Monday, 7 November 2016
50 Years Ago Today NBC Went All Colour
For NBC the conversion to an all colour schedule was no simple victory over its competitors, but the end result of what had been a long fought battle with its old rival CBS. It was on July 3 1928 that John Logie Baird demonstrated the first ever colour television transmission in London. In the United States in 1929 Bell Laboratories demonstrated colour television in June 1929. It would not be until after World War II that the development of colour television would really take off in the United States. While various companies developed their own colour systems, the competition would ultimately come down to systems developed by CBS and RCA (the parent company of NBC).
CBS was actually the first of the two companies to develop a colour system. Unfortunately for CBS, its system was incompatible with the black-and-white sets of the early Fifties. The system ultimately developed by RCA was compatible with the black-and-white sets of the time. While CBS's system had been favoured early on, it was then the RCA colour system that ultimately won in 1953. As NBC was not only owned by the company that developed the American colour system, but a company that manufactured television sets, it should perhaps not be surprising that NBC took the lead in colour programming.
Indeed, NBC was the only American broadcast network to air programmes in colour during the 1953-1954 season. On November 22 1953 an edition of The Colgate Comedy Hour became the first colour television broadcast in the NTSC colour system. Later that season, on January 1 1954, NBC aired the Tournament of Roses Parade in colour. It was on January 5 1955 that NBC debuted the first regularly scheduled, colour TV show, Norby. Norby was a short-lived sitcom starring David Wayne as the title character, the vice president of a small town bank. It was also in 1955 that NBC's popular children's show, Howdy Doody, made the switch to colour.
From the mid-Fifties into the mid-Sixties NBC gradually increased its colour programming. The adventure series Northwest Passage was aired in colour for its only season (1958-1959). Much more successful was the Western Bonanza. Debuting in 1959, it proved to be one of the longest running and highest rated shows of the Sixties. It aired in colour from the beginning. By the 1965-1966 season NBC aired only two shows in black-and-white in its prime time line-up. The short lived World War II drama Convoy had to be shot in black-and-white because of its use of black-and-white, archive footage. The classic sitcom I Dream of Jeannie was shot in black and white in part because of its special effects, but also largely due to the fact that NBC executives had little faith in the show. As it turned out I Dream of Jeannie became the last prime time show regularly aired in black-and-white on NBC. It also defied NBC executives' expectations and ran for five seasons, not to mention a highly successful run as a syndicated rerun. With the 1966-1967 season NBC's entire line-up was in colour.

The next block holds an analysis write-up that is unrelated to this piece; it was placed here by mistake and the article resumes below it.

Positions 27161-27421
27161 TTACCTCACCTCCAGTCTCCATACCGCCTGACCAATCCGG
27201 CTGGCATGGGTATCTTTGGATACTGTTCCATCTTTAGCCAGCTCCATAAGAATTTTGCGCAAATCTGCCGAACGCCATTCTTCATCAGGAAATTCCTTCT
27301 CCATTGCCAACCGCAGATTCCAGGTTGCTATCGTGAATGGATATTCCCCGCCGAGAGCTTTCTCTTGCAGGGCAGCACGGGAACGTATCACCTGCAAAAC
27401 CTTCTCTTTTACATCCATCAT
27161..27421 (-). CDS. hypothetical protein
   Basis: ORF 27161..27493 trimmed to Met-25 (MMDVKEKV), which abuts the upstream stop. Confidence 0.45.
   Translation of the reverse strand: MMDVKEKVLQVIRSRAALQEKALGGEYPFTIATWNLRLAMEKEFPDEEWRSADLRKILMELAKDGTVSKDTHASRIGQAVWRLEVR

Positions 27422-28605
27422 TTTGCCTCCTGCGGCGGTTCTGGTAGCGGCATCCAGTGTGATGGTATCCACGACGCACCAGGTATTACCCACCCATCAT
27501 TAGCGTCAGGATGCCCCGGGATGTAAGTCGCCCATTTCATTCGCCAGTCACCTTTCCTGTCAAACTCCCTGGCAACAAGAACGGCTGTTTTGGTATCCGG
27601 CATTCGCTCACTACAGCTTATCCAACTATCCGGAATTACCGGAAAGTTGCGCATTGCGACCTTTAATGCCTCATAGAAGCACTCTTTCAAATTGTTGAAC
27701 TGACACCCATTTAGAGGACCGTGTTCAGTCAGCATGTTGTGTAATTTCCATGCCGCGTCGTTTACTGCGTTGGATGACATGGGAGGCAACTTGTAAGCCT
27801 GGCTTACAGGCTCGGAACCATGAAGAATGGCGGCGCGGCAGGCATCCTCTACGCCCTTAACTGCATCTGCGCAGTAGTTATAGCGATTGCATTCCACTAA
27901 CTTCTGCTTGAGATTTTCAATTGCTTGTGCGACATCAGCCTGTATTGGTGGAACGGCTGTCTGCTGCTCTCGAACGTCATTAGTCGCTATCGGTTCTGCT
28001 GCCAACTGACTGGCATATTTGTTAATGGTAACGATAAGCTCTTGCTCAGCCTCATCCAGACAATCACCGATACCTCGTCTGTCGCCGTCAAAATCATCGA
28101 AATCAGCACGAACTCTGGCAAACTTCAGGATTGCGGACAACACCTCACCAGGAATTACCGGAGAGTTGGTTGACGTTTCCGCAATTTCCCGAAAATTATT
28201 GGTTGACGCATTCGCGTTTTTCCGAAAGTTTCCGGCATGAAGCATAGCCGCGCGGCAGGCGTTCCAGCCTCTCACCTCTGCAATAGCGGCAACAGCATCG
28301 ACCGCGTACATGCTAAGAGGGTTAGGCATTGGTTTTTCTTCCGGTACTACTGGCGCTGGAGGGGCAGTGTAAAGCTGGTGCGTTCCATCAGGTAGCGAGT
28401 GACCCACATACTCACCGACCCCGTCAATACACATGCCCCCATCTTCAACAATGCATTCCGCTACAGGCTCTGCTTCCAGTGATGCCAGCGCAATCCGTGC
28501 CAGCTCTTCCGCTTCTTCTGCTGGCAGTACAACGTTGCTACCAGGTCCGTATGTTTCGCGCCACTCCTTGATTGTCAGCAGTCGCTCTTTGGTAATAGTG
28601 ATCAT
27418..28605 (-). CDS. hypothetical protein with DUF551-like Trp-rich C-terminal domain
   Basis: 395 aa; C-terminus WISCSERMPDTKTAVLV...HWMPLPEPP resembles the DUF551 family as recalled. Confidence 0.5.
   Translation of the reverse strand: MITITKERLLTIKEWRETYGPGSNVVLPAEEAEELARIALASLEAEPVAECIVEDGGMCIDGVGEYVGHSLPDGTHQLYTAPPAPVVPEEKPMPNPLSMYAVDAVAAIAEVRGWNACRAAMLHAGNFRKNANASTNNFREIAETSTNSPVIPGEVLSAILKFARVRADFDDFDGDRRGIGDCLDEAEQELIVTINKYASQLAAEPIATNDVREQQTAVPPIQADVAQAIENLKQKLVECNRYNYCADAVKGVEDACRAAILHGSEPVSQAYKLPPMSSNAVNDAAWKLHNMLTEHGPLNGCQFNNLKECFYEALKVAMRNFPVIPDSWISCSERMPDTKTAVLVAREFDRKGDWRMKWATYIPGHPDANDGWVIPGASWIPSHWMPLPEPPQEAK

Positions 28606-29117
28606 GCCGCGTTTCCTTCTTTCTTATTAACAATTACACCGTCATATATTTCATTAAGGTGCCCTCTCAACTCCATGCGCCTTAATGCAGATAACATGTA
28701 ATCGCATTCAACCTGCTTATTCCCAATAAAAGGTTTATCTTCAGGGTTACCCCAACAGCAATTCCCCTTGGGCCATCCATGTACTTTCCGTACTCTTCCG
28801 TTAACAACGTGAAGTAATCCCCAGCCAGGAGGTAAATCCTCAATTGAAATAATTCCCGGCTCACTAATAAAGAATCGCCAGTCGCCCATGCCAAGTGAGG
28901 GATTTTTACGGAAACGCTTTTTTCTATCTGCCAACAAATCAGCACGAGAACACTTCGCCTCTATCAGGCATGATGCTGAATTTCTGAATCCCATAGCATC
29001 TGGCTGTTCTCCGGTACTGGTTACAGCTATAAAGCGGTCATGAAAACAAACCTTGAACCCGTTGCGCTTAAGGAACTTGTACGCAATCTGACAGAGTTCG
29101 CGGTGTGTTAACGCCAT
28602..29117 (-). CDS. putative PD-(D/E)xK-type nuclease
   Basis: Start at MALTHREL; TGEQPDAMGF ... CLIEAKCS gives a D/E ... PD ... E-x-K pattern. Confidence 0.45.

As to why CBS and ABC were not as quick to jump on the colour television bandwagon, much of it probably had to do with the fact that ownership of colour television sets was very low from the mid-Fifties to the mid-Sixties. In 1964, eleven years after RCA's colour system had become the industry standard, only 3.1% of all American households owned a colour television set. As to why so few households owned colour TV sets, there can be no doubt it was due to their sheer cost. In 1954 a RCA colour set cost $1000, roughly the same amount as some cars sold during the era. Prices for colour sets would drop from the Fifties into the Sixties, although they were still somewhat expensive. In 1962 a colour TV set cost about $400, which would be about $3198 today.
Fortunately by the mid-Sixties colour sets had become somewhat more affordable. It was in 1966 that for the first time ever colour television sets surpassed black-and-white sets in sales, with 5.8 million sets sold. With colour sets more affordable than they had been, ownership of colour sets increased steadily from the Sixties into the Seventies. In 1970 39.3% of all homes owned colour television sets. By 1972 the majority of American homes had colour sets, a full 52.6%. By 1978 the ownership of colour TV sets was up to 78%.
While only a few households owned colour sets in 1966, NBC was then wise to switch to an all colour line-up that year. The year 1966 was the beginning of a dramatic increase in the ownership of colour TV sets in the United States that would continue well into the Seventies. It should be little wonder that the other networks were quick to follow in NBC's footsteps. By December 1967 the entire schedules of all three broadcast networks were entirely in colour.